Hi All,

Late, late, late today, my apologies….

Looking at the upcoming weather prospects we are going to have a very interesting weewesteastsplit261015k metereologically with a west / east split courtesy of a very deep low pressure system sitting west of Ireland and a high pressure system sitting over the continent. The two weather systems will butt up against each other and funnel warm air up from the continent so for the 6th year out of the last 8, we will have a warm end to October and a warm start to November. For Ireland I’m afraid it means you’ll get the short end of the stick with a very wet week starting today. For the U.K it’ll see-saw between very mild and cooler wetter interludes. So let’s put some detail on it…

So for Monday we already start off wet over Ireland with some heavy rain over south east Leinster and south Munster for the rush hour. That rain will push up the east coast of Ireland through the day and by the late afternoon it’ll make landfall on the tip of south west England and West Wales. For the U.K we have a dull start to many areas with overnight mist slow to clear, but by the afternoon the sun will start to break through, more across the east initially to give a lovely spell of autumn sunshine to end the day. Winds will be south-easterly, moderate and in the sun I expect temperatures to rise to the mid-teens, all in all, very pleasant.

Moving onto Tuesday and you’d expect with a clear night for the U.K it would be cold like Saturday night where we had a widespread frost, but those southerly winds are kicking in so it’ll be mild with the temperature unlikely to drop below double figures. So Tuesday starts off mild and keeps heading that way but that rain over Ireland will now be into the south west of England, South Wales and up the western coast right up to Stranraer, but not much further north. For some it’ll be just light showers, but during the morning the rain in the south west will become localised and heavy. Ireland looks to have a drier day except for the east coast of Leinster where that overnight rain will linger over The Wicklow Mountains. East of this rain it’ll be another dry and settled day with light to moderate south easterly winds and hazy sunshine and temperatures pushing into the mid to high teens in the south east of England (closer to the high). During the afternoon that rain consolidates and forms a band stretching from the south coast of England just shy of The Isle of Wight right up through Avon, South Wales and across  Ireland up to Donegal. This band of rain will slowly track east as we go through late afternoon. By Tuesday evening it’ll be into the south east , clear of Ireland but now the band stretches from Kent up through The Midlands, north western England and into the south west of Scotland.

Overnight into Wednesday this rain band will move slowly but intensify, picking up the humidity in the south east airflow so some of that rain will be heavy. By dawn on Wednesday it is projected to sit in a diagonal line from the south east of England up the east coast to the south west of Scotland and some of that rain will be heavy. North, south and west of this line will be dry with hazy sunshine and a little cooler than the highs of Tuesday with low teens the order of the day. During the morning that rain band pushes north into northern England / southern Scotland by lunchtime and closes the day firmly rooted over the Scottish Highlands. Temperatures will be a little down on Tuesday with low double figures to mid-teens and the wind will be a little lighter and southerly in orientation.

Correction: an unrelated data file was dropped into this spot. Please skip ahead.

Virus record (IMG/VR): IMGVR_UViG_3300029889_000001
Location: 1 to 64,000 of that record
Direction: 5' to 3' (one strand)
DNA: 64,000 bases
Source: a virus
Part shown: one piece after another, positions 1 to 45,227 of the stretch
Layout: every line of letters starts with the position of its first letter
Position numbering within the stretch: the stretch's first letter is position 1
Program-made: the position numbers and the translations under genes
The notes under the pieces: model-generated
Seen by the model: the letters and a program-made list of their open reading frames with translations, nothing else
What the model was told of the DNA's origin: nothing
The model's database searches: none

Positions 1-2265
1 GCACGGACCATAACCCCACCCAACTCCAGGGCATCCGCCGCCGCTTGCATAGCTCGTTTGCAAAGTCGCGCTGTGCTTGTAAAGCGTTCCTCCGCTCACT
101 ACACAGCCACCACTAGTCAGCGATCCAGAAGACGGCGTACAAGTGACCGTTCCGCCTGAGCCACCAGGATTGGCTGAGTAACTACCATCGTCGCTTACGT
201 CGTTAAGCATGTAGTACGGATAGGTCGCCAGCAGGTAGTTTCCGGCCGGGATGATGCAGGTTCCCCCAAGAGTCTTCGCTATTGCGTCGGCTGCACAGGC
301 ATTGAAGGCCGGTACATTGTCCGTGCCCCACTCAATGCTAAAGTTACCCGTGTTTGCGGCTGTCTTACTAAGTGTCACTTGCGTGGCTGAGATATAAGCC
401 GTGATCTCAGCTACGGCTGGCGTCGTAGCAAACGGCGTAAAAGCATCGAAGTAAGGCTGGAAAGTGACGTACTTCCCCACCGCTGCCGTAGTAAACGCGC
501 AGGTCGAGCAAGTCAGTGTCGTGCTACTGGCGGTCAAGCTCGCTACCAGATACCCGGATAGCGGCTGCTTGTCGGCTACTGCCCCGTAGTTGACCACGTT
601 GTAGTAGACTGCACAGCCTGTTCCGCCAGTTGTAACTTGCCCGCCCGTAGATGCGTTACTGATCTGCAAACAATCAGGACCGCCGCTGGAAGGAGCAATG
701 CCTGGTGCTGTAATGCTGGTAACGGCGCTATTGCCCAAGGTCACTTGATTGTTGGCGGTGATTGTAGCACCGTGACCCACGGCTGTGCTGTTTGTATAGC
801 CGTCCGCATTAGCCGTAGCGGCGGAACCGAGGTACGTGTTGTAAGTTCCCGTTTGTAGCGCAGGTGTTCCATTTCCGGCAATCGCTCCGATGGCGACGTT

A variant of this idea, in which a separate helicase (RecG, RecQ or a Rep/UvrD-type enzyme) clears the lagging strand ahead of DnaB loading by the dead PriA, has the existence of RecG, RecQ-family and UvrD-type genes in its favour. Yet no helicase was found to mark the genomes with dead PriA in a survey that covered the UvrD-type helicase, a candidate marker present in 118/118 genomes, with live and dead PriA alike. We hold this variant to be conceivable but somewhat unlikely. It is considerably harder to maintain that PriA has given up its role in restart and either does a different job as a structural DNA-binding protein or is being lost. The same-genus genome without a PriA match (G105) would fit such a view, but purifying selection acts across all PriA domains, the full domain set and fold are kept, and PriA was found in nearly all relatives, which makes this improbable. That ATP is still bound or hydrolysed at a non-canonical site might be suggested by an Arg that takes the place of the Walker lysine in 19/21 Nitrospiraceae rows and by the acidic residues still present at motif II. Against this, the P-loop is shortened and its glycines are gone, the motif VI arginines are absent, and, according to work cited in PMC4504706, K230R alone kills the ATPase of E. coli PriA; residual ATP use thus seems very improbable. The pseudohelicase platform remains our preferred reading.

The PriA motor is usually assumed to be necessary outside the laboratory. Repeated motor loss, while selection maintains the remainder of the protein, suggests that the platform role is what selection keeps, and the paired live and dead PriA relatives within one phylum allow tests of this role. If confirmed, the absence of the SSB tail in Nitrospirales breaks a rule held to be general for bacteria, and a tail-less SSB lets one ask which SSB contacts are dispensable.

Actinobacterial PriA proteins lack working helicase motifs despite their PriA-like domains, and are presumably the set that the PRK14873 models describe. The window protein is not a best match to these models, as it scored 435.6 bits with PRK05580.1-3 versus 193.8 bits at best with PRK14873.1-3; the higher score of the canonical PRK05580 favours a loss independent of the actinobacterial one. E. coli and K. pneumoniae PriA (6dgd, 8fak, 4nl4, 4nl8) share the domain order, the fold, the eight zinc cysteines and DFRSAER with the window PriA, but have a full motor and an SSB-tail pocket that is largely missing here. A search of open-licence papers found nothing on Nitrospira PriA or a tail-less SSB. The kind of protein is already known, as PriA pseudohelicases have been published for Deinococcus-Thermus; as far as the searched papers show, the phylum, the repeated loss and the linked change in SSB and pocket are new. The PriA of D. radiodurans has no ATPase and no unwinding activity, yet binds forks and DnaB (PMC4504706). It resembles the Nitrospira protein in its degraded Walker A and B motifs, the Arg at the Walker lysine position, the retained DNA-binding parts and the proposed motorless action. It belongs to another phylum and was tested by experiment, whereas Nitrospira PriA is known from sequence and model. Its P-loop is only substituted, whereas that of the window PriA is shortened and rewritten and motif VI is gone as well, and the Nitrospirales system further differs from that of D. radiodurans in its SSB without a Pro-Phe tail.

Still reasonably mild going into Thursday with a high single-figure night, but again we have a rain feature for Ireland, this time pushing into Leinster / Munster overnight and quickly moving up country, clearing Kerry by the morning rush hour, but into Dublin by the same time. The end of this rain band will reach the south west of England and south west Wales at the same time and quickly push eastwards, widening as it does so, so by midday, most  of the U.K will have rain. This rain front is quick-moving so Ireland will be clear by the afternoon as will the west of the U.K, leaving behind sunshine and a clear evening. Temperatures will be a little higher on Thursday, low to mid-teens out of the rain. Predictably as skies clear they’ll soon drop to give a cool night going into Friday.

Closing out the week we have more rain on the horizon as that low pressure sitting out west pushes more rain in overnight into the east and south east of England. By dawn we have rain into south Munster, Leinster and Connacht. Across the Irish Sea we also see rain into West Wales, the south west and south coast of England. During the morning this rain will move quickly to cover most areas including northern England and Scotland so a wet end to the week in prospect. That rain is slow to clear and by the evening it’ll be sitting along the eastern side of England and over Scotland. In the meantime some more rain is heading Ireland’s way in time for the weekend (tá mé buartha 🙂 ) Feeling a little cooler in that rain so only just making double figures, but milder out of it. All in all a crap day.

OK onto the weekend and after correctly predicting last Saturday would be a “I need to bail my boat out day” when I was fly fishing, is a repeat on the cards ?

It’s likely with rain over Ireland early doors Saturday pushing into the western coastline of the U.K by dawn. This rain could be heavy over West Wales and The Lakes during the morning. By lunchtime that rain will have pushed eastwards but it’s not projected to make it all the way across England so the east and south east may escape it. It will however push into Scotland so a projected wet start to the weekend for you guys…For us in the East Midlands I think we could be ok with any rain earlier on Saturday. Good news for Ireland because after that rain clears in the early morning it’ll be a sunny Saturday 🙂  What you will notice on Saturday is how warm it is with that southerly wind really ramping up the temperatures.